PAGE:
Eating dinner on county’s historic covered bridge

MEDORA

A Vallonia couple live within sight of one of Jackson County’s best known structures — the nation’s longest historic covered bridge.

Until Saturday, however, Melvin and Linda Wheeler had never attended one of the Friends of the Medora Covered Bridge’s Dinner on the Bridge events.

Look for that to change in the years to come.

“This is the first time we knew about it,” Melvin said. “We’d have been here before.”

Melvin, who grew up in Vallonia, recalls traveling across the bridge in his younger years.

“I used to go through it all the time looking for my date in Medora,” he said.

“It wasn’t me,” said his wife. She also grew up in the Vallonia area, and they moved to their home a couple of miles away about 35 years ago.

The 434-foot bridge, built in 1875 by Joseph J. Daniels, was closed to traffic in 1972 but remains open to pedestrians and bicyclists today. The Burr truss design bridge took nine months to build and cost $18,142.

Listed on the National Register of Historic Places, the bridge was renovated in 2011. Of the more than 600 covered bridges built in the Hoosier state, 90 are still standing, according to the Indiana Covered Bridge Society.

The Wheelers said they’ll be back for future dinners on the bridge.

“The menu was excellent, and it was very good,” Linda said.

Like the Wheelers, Garry Wells of Seymour, who attended with his wife, Stacy, said he planned to return for future dinners.

“I like history, and that was what drew me out here,” he said.

Wells said he might even get his father, who also is a history buff, and mother to come down from Indianapolis next year.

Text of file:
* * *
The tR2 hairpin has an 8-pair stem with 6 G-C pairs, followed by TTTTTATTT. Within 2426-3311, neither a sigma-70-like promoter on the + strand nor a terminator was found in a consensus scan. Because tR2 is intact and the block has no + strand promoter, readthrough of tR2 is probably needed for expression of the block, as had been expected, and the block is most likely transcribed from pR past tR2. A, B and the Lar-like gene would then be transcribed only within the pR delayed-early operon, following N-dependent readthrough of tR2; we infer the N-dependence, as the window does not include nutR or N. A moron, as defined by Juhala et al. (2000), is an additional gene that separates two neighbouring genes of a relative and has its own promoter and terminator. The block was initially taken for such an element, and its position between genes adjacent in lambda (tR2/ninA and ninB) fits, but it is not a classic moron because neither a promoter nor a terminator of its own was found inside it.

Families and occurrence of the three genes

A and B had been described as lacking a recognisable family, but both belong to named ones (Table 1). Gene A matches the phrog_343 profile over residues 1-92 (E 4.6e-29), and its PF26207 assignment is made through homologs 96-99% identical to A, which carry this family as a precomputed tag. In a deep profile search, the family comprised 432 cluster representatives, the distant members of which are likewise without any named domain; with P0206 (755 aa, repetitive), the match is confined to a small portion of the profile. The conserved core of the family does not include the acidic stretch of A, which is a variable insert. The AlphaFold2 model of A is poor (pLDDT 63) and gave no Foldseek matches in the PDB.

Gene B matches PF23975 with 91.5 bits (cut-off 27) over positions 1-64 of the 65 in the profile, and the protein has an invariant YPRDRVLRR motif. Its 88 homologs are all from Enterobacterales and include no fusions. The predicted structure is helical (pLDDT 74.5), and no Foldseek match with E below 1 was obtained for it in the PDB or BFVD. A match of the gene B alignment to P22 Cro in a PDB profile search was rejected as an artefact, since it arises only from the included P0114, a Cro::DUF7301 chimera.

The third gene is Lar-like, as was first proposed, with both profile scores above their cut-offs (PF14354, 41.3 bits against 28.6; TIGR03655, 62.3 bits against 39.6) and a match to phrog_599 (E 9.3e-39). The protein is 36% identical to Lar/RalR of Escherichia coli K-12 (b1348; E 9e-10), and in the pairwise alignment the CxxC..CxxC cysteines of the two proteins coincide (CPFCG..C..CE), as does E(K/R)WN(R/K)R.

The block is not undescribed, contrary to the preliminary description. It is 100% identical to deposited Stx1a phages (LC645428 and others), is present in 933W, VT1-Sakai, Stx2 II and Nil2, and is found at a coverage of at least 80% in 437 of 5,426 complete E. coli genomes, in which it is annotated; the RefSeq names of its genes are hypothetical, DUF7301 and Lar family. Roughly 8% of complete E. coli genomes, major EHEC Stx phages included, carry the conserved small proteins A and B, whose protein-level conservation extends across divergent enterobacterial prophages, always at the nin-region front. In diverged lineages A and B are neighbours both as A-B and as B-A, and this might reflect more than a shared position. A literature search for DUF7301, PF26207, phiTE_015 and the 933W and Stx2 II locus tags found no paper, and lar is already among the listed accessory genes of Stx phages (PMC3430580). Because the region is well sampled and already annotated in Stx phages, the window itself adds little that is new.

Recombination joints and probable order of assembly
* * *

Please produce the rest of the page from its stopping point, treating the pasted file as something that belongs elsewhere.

The Bloomington native said he even managed to win a door prize valued at $38.

“So we basically got our money back,” Wells said.

The cost to attend was $20 per person, and the money raised by the event goes back into preserving the bridge and maintaining the property around it.

Morris Tippin, who helped organize the friends group and the dinner, said the event went well.

But it wouldn’t have been possible without the help of volunteers, Tippin said.

Flooding in the middle of July left behind a mess, but a county highway department crew helped clear the road of debris into the picnic area on the west side of the bridge.

“The picnic tables were all covered in mud,” Tippin said. Volunteers helped clean the tables.

The friends group haspurchased a zero-turn mower to help maintain public access areas on both sides of the bridge, which is a mile east of Medora.

They also continue to work to provide security for the bridge and hope to get electricity to the bridge this coming year.

“That’s going to cost us some money,” Tippin said.

Tippin said electricity would allow for additional lighting and help the group add speakers for an audio system for events such as Dinner on the Bridge.

Volunteers with the friends group also maintain a guest register containing the names of visitors to the bridge; purchase and provide brochures about the bridge; make presentations at schools and for other groups; and pick up trash.

Author photo
Aubrey Woods is editor of The (Seymour) Tribune. He can be reached at awoods@tribtown.com or 812-523-7051.